Natural Beauty, Redevelopment, Economic Contributions Singled Out
|Kalakaua Avenue in Waikiki from above.|
The American Planning Association (APA) today announced the designation of Kalakaua Avenue as one of 10 Great Streets for 2013. Each year during National Community Planning Month, APA’s Great Places in America program names 30 exemplary streets, neighborhoods and public spaces to highlight the role planning and planners play in adding value to communities, including fostering economic growth and jobs.
APA singled out Kalakaua Avenue for its significant contributions to both local and state economies, the use of plans and planning to guide a years-long redevelopment of the street making it more pedestrian-friendly, the connections to Hawaii’s rich cultural heritage, and preliminary steps by the state enabling localities to begin adapting to inevitable sea-level changes that will take place during the next 40 to 90 years.
“What other street takes you from a Tiffany store to a world-class beach along wide sidewalks with an ocean breeze,” said Honolulu Mayor Kirk Caldwell. “Kalakaua Avenue is the face of Hawaii for millions of tourists from around the world. Former Mayor Jeremy Harris’s vision turned this urban thoroughfare into the lovely tropical island stroll lined with coconut and shower trees that our visitors and residents deserve. Our city crews work hard every day to keep it looking great. I thank APA for recognizing Kalakaua Avenue as one of the classic public streets in the United States,” Mayor Caldwell added.
“Three things define Waikiki -- its white-sand beaches, the Diamond Head volcanic tuff cone, and Kalakaua Avenue,” said APA Chief Executive Officer Paul Farmer, FAICP. “Based on tourism-only revenue generated along the avenue, few if any other streets in the country can compare. As an economic dynamo, Kalakaua Avenue and Waikiki present planners and others in Hawaii a major challenge in terms of adapting to sea level rise without sacrificing the area’s beauty or appeal to visitors,” he added.
Setting the stage for Kalakaua Avenue’s tremendous and long-term success was construction of the Ala Wai Canal. Completed in 1928, it allowed the area’s rice paddies and wetlands to be drained, which made Waikiki’s developable.
The high-rise hotel building boom along Kalakaua Avenue and Waikiki reached its peak during the late 1960s and early 1970s, leading the city and county of Honolulu to adopt the Waikiki Special Design District Ordinance in 1974 to control building heights, prevent overbuilding and manage development.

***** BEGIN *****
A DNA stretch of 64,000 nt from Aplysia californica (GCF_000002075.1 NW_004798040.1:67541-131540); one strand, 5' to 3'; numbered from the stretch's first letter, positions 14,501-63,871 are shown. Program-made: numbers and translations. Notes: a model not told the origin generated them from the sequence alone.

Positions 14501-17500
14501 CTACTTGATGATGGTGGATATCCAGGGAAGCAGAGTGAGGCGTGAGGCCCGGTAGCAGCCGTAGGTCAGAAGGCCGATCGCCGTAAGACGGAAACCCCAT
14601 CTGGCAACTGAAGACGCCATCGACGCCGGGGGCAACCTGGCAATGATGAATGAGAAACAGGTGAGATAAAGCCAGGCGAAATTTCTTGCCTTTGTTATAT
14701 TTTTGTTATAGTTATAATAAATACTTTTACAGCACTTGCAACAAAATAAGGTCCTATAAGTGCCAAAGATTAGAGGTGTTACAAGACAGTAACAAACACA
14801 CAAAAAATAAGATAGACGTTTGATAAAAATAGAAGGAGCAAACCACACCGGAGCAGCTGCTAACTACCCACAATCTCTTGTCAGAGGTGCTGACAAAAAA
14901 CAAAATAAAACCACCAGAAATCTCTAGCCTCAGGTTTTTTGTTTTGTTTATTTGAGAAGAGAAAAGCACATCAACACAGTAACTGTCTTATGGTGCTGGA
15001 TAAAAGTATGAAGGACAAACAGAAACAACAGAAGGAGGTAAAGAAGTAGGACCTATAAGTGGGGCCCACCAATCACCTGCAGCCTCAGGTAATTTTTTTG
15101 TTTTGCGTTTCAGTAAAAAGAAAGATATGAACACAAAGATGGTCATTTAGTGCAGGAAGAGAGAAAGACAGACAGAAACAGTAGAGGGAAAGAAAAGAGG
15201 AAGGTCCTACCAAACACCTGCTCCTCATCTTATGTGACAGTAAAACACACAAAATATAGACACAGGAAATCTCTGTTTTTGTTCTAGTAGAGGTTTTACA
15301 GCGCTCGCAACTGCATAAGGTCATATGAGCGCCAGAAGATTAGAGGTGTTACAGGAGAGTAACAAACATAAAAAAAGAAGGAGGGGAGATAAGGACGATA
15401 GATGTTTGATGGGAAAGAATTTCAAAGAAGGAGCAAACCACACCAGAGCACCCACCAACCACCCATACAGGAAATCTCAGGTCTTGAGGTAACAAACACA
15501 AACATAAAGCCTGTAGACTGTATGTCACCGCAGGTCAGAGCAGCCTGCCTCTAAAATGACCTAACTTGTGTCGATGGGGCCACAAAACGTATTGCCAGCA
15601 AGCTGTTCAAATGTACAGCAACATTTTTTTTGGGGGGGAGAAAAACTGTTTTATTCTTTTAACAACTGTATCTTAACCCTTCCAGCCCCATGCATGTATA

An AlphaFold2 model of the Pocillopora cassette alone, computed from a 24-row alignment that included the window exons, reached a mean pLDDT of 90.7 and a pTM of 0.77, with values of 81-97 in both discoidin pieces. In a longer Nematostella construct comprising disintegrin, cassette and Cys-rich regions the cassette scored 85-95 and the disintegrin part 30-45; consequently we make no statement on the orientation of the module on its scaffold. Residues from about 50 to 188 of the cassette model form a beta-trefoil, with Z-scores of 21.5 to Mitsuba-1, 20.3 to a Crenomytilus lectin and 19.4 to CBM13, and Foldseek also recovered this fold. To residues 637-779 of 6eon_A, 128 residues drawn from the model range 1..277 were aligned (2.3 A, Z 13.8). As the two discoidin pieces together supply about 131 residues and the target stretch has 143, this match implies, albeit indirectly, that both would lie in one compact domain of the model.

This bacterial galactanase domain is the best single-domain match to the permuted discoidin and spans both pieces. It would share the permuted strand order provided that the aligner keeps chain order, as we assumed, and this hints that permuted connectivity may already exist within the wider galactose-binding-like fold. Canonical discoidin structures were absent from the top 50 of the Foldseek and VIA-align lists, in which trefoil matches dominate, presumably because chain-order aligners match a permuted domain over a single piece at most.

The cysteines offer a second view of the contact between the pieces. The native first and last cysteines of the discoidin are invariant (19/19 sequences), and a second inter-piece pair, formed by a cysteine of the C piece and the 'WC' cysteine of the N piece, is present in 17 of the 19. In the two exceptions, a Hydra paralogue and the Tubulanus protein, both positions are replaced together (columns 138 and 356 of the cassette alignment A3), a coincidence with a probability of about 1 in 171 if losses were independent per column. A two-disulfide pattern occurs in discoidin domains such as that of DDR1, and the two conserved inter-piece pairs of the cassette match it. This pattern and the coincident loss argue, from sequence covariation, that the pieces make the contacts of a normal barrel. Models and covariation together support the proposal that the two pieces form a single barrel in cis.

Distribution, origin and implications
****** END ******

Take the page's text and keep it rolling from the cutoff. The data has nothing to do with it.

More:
Subsequently the city developed a plan in the early 1990s aimed to make the experience of walking along Kalakaua Avenue “feel more like being in a park” rather than on a densely urbanized street, according to former Honolulu Mayor Jeremy Harris. Between 1994 and 2004, the city and county spent more than $100 million on Kalakaua Avenue including new sidewalks, landscaping, walkways, historic-style street lighting, street furnishings and plazas. Also added was the Waikiki Historic Trail with 23 sites, many of which are located on or within steps of Kalakaua Avenue.
Shaping Kalakaua’s future will be how the city, county and state address flooding in the Ala Wai watershed and sea level rise as a result of climate change. A plan under development by the U.S. Army Corps of Engineers is evaluating various options to protect Waikiki and Kalakaua Avenue from a 100-year flood.
Meanwhile, the city and state are in the early stages of planning for adaptation to sea level rise in the Waikiki area including Kalakaua Avenue. Last year Governor Neil Abercrombie signed into law Senate Bill 2745 that amends the Hawaii State Planning Act to include priority guidelines addressing adaptation to climate change. The amendment recognizes that sea level rise in Hawaii will occur and that adaptation strategies must be adopted.
APA’s Great Streets, Great Neighborhoods and Great Public Spaces feature unique and authentic characteristics that have evolved from years of thoughtful and deliberate planning by residents, community leaders and planners. The 2013 Great Places have many things Americans say are important to their “ideal community” including locally owned businesses, transit, neighborhood parks, and sidewalks. They illustrate how the foresight of planning fosters communities of lasting value.
The nine other APA 2013 Great Streets are North and South Walnut Street, Milford, DE; Palafox Street, Pensacola, FL; Bridge Street, Las Vegas, NM; C Street, Virginia City, NV; Market Street, Corning, NY; Benjamin Franklin Parkway, Philadelphia, PA; Broadway, Jim Thorpe, PA; The Strand, Galveston, TX; and West Beverley Street, Staunton, VA.
For more information about these streets, as well as APA’s top 10 Great Neighborhoods and top 10 Great Public Spaces for 2013 and previous years, visit www.planning.org/greatplaces. For more about National Community Planning Month taking place throughout October visit www.planning.org/ncpm.
The American Planning Association is an independent, not-for-profit educational organization that provides leadership in the development of vital communities. APA and its professional institute, the American Institute of Certified Planners, are dedicated to advancing the art, science and profession of good planning -- physical, economic and social -- so as to create communities that offer better choices for where and how people work and live. Members of APA help create communities of lasting value and encourage civic leaders, business interests and citizens to play a meaningful role in creating communities that enrich people's lives. APA has offices in Washington, D.C., and Chicago, Ill. For more information, visit www.planning.org.